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Oilers are masters at penalty-killing in defeating Flyers

Oilers are masters at penalty-killing in defeating Flyers

Thinking the second period was about to end, the Flyers' Simon Gagne started trudging up the tunnel toward the locker room, where the boos from the Wachovia Center crowd could be closed out and the embarrassment of what had just happened on the ice might subside.

But play stopped with a few seconds to go, and Gagne and his teammates had to hang around a little longer to listen to the sour music coming from the stands.

The spectators were on edge because the Flyers, down by 3-1 at the time, had just squandered two full minutes of a two-man advantage, and the Edmonton Oilers rode their crucial penalty kill to a 3-2 victory on Thursday night.

"That was the turning point in the game," Flyers rookie center Mike Richards said. "They had a huge energy swing off of that. Whenever you kill a key penalty like that at such a key time, it really gives a team momentum. They killed that off and seemed to build on it."

The Flyers had hope until the final minute because Sami Kapanen made it 3-2 with a power-play goal, and they had another two-man advantage in the final minute, when Edmonton took a penalty and goalie Antero Niittymaki was pulled from the net.

But it didn't matter. This was a night when the Flyers served evidence that having more guys than the other team isn't always a good thing.

The Oilers' Ethan Moreau scored two shorthanded goals and came awfully close to getting a third, and the Flyers were a dismal 1 for 8 on the power play.

The Flyers have scored two goals in the last two games. Offensively, they are severely handicapped without center Peter Forsberg and defensemen Joni Pitkanen and Eric Desjardins, three injured players who pull the trigger on the power play.

Injuries have also forced coach Ken Hitchcock to go with new combinations on the penalty-killing unit, which surrendered a goal to Jarret Stoll that made it 2-1 in the second period.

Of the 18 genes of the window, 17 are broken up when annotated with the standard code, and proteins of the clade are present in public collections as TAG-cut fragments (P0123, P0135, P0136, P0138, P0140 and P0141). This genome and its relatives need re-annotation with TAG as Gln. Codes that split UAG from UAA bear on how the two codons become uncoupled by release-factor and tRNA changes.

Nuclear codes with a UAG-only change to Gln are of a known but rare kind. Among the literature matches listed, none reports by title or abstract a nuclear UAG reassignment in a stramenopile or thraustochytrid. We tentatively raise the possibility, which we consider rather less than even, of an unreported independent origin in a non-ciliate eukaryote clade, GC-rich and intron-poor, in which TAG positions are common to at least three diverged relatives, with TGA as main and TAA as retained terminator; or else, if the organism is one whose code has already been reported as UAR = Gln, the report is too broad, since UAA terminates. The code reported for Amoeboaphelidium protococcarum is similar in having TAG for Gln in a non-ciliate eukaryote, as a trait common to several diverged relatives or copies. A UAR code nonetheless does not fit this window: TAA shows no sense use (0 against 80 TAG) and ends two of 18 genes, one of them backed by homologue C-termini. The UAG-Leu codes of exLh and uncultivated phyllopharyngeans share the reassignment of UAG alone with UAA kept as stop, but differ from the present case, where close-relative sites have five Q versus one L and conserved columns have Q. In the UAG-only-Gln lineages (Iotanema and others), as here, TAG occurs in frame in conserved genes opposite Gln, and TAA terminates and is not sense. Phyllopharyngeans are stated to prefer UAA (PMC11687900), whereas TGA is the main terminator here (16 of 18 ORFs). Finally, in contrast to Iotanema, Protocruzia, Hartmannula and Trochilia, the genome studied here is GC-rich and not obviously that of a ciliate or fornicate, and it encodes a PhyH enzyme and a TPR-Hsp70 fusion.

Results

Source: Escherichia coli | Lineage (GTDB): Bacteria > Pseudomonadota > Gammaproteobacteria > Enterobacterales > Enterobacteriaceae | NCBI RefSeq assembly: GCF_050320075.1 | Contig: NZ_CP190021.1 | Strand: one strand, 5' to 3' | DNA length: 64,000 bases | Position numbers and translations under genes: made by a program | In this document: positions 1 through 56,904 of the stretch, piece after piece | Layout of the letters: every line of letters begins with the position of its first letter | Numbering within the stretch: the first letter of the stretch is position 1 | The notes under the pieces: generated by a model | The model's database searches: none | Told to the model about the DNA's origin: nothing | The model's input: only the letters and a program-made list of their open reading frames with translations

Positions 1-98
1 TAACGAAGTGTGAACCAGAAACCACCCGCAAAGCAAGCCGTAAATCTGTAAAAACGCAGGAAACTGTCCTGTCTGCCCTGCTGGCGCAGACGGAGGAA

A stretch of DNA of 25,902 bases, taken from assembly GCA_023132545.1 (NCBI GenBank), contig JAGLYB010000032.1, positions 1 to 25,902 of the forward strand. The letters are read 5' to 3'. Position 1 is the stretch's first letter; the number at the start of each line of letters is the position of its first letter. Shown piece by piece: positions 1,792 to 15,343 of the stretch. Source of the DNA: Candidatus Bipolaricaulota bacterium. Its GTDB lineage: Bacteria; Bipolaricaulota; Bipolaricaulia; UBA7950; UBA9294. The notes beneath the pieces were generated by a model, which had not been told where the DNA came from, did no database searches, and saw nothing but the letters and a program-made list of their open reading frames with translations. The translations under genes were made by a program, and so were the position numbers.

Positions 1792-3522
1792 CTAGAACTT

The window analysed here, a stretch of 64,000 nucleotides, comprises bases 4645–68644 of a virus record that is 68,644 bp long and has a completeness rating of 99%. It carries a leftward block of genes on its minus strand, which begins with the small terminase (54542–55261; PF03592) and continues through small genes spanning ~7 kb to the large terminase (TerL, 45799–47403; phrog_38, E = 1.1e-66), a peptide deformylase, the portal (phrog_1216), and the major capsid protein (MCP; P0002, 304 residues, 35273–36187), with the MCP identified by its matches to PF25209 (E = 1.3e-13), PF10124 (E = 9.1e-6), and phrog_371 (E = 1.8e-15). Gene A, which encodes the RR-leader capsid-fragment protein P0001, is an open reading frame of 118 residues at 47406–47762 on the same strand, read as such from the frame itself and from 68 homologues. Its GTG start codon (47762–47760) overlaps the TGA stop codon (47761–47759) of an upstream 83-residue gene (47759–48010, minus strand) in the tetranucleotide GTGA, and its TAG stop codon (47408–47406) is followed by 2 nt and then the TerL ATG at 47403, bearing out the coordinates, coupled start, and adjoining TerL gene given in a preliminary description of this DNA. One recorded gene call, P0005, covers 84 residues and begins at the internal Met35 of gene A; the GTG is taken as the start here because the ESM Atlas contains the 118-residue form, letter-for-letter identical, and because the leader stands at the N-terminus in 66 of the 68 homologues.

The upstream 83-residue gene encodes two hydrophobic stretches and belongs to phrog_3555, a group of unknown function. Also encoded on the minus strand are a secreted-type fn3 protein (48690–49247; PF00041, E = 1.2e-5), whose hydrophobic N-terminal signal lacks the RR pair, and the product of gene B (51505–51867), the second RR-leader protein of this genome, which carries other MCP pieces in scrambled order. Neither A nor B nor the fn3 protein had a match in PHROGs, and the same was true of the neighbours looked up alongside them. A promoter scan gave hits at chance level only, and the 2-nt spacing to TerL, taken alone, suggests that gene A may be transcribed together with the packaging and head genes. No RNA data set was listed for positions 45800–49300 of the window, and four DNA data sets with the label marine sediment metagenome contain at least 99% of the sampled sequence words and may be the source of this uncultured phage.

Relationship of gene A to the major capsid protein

"There are a lot of new people playing there," Hitchcock said. "You have people on the power play who haven't played there all year, and those things are going to happen. Hopefully in a couple weeks we'll be a lot better, but when you lose both your quarterbacks, you're going to have an adjustment phase."

The Flyers will have to do without Pitkanen and Desjardins for another two months or so. The return of Forsberg, out with a groin pull, is uncertain, but more imminent.

On the power play, Forsberg is sorely missed. The numbers bear it out. The Flyers had 31 power-play goals with Forsberg in the first 21 games. The last six games without him, they've scored only three on 33 tries. "It's no excuse," Kapanen said. "I think we just got outworked and outhustled, and that's why we lost the game."

Hitchcock also believed the Flyers appeared weary. "I don't think we had the energy in our tank that we had in the past," he said. "We're going to have to reenergize ourselves for (Saturday) afternoon. We looked like at times a tired hockey club."

In the second period, after the Flyers pulled even at 1-1, the Oilers used Stoll's power-play goal and Moreau's second shorthanded goal to take a 3-1 lead.

The Flyers squandered several chances to clear the puck out of their zone before Stoll poked in a rebound to break the tie with 12 minutes to go in the second period.

Shortly after Stoll's 11th goal of the season, Edmonton continued to carry the play and dropped a couple of calling cards with some big hits. In a quick sequence, Raffi Torres blasted the newest Flyer, Matt Ellison, at one end of the ice before defenseman Jason Smith bowled over Michal Handzus at the other end.

Moments later, when the Flyers went on a power play, Stoll controlled the puck in front of the Oilers' net and patiently lofted a pass down the middle of the ice that Moreau chased down for his second solo breakaway on Niittymaki. As he did earlier in the game, Moreau, a 30-year-old veteran, made it count, giving Edmonton a 3-1 lead with his third shorthanded goal of the season.

"We gave up two shorthanded goals, both off scoring chances of our own, and when you've got young players back there, those are mistakes that are going to happen," Hitchcock said. "We'll get better with it."

The Flyers' Branko Radivojevic evened the score at 1-1 early in the second period. Turner Stevenson, back after missing four games with a hip injury, got the assist.

In other NHL action: Buffalo 3, Anaheim 2; Tampa Bay 5, St. Louis 4; Minnesota 5, Pittsburgh 0; Coumbus 4, NY Islanders 3, SO; NY Rangers 4, Nashville 1; Carolina 3, Los Angeles 2; San Jose 6, Florida 2.